News & Views

Open Source and Data Integration

Is the cost of data management heading south? Have you had a discussion with a client considering moving away from inefficient data management processes or a client looking to implement a transformation project? If you have, my guess is, pricing must have been a thorny issue. One would then ask why such organisations stick to the ‘tried and tested’ procedures that are quite expensive.

In the past few years we have seen the rising interest in Open Source. This has been fuelled by the popular belief that you can possibly get value for money at a reduced cost. The idea of Open source in relation to technology has long been in existence but the idea of Open Source in relation to data integration is a new concept. Open Source is not just about giving access to source code, it also involves free redistribution of applications. Some offer both free distribution and a licensing option.
I recently attended a dialogue session focussed on Open Source and it is evident organisations are beginning to look and explore the gains Open Source has to offer. Coming from industry chieftains, who constituted the panel at the session, within the private and public sector it certainly is a good sign for Open Source evangelists.

So, why has it been difficult for Open Source to really take flight? During the dialogue session, the reasons were not in short supply. The reasons ranged from contractual agreements between System Integrators and clients to risks involved in implementing integration projects using ‘non-mainstream’ applications. Members of the audience, of course, did counter the argument for, citing the government’s cost-saving drive as a big enough incentive. Some also, did point out the superiority of some Open Source products, in terms of functionality, over closed applications.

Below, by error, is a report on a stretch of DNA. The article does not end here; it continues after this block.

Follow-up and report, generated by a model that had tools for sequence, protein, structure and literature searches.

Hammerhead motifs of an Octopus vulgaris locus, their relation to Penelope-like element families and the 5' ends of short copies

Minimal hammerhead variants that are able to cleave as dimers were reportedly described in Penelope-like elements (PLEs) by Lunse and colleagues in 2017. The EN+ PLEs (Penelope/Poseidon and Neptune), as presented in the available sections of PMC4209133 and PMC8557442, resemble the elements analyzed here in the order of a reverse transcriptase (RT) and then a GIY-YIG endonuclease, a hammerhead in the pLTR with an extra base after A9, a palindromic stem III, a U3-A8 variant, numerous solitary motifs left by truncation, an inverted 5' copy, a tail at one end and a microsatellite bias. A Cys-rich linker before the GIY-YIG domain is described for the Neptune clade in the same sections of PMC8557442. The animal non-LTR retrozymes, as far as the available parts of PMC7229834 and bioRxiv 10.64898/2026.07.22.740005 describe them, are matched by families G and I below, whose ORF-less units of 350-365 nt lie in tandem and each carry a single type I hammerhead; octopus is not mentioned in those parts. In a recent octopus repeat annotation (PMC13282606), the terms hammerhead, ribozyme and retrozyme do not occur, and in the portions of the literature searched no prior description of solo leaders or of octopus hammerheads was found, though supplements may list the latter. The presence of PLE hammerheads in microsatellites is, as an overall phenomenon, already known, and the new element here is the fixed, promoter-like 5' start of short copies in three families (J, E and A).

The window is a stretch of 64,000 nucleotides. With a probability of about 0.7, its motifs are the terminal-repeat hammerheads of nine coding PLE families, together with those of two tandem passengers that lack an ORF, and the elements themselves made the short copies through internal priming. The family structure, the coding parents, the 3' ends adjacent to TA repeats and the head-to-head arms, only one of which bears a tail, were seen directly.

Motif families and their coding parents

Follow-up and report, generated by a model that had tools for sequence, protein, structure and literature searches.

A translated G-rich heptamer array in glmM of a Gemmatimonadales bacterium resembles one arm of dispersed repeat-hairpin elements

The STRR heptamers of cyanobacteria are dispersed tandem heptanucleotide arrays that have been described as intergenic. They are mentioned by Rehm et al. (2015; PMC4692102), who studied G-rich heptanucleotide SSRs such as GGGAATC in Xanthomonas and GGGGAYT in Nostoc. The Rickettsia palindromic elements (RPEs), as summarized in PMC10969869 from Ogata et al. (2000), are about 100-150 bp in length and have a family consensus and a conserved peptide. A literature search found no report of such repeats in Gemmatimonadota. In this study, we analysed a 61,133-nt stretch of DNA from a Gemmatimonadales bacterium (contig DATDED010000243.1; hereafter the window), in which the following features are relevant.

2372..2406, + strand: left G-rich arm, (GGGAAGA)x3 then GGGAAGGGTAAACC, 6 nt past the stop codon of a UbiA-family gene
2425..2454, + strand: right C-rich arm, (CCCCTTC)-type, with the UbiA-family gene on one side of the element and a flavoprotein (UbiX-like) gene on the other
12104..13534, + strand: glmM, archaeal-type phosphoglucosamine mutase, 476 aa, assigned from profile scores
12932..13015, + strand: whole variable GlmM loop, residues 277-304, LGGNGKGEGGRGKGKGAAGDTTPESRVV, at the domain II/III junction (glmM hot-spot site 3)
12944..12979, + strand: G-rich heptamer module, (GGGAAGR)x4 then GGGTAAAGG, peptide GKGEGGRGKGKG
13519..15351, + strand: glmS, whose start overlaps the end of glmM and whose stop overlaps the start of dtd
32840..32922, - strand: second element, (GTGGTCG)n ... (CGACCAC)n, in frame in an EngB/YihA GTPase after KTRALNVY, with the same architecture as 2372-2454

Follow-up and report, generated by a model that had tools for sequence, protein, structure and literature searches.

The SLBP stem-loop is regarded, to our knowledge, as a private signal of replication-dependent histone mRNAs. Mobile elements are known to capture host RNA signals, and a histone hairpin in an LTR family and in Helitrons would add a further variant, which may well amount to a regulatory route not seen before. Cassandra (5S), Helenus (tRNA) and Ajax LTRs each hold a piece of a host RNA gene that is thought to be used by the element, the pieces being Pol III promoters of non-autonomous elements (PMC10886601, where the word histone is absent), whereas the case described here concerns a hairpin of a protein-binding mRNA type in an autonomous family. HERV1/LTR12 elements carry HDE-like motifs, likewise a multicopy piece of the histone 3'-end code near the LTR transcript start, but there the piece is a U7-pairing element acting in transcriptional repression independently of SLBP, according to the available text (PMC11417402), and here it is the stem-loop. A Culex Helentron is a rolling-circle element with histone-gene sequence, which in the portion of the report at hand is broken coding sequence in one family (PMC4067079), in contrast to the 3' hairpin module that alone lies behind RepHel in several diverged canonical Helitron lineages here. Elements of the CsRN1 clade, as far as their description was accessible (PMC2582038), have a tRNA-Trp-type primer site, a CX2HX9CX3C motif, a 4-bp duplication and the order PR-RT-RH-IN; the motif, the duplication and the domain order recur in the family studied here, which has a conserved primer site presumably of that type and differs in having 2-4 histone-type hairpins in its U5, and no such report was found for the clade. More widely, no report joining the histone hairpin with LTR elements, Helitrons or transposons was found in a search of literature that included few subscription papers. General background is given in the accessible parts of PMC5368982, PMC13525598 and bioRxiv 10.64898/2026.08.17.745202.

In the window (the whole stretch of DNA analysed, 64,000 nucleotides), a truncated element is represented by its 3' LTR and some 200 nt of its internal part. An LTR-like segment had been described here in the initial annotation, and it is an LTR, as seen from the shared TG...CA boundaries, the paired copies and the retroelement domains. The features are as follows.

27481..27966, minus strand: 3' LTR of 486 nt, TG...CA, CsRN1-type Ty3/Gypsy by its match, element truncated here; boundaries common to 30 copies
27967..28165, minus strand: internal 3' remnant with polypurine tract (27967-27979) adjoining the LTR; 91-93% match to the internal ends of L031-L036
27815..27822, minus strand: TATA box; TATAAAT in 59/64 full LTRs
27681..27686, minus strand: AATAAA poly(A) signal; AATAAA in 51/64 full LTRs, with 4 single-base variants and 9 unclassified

Looking at Open Source within the Data Integration arena Talend easily comes to mind. Talend, a Paris based software house, offers an Open Source Data Integration tool with a free standard edition version and a subscription version. The company publishes the code of its core modules and offers developer community the ability to improve the product. Nevertheless, Talend R&D drives the road map/strategy.
Talend seems to be succeeding in its awareness drive which has seen it sign-up a number of clients in the private and public sector. It must be added their Data Integration tool is effective.

As with every evolving concept there are positives, to build on, and negatives, to address.

– Intellectual Properties issues: Who owns what?
– Who reaps the financial gains from the sale or use of the product?

– Costs: The reduction in costs associated with Open Source weighs heavily in its favour.
– Easy access: Free versions are available on-line.

While the evangelists of Open Source proclaim the philosophy according to Open Source we have to remember it has to be judged based on its merits and not just on costs.

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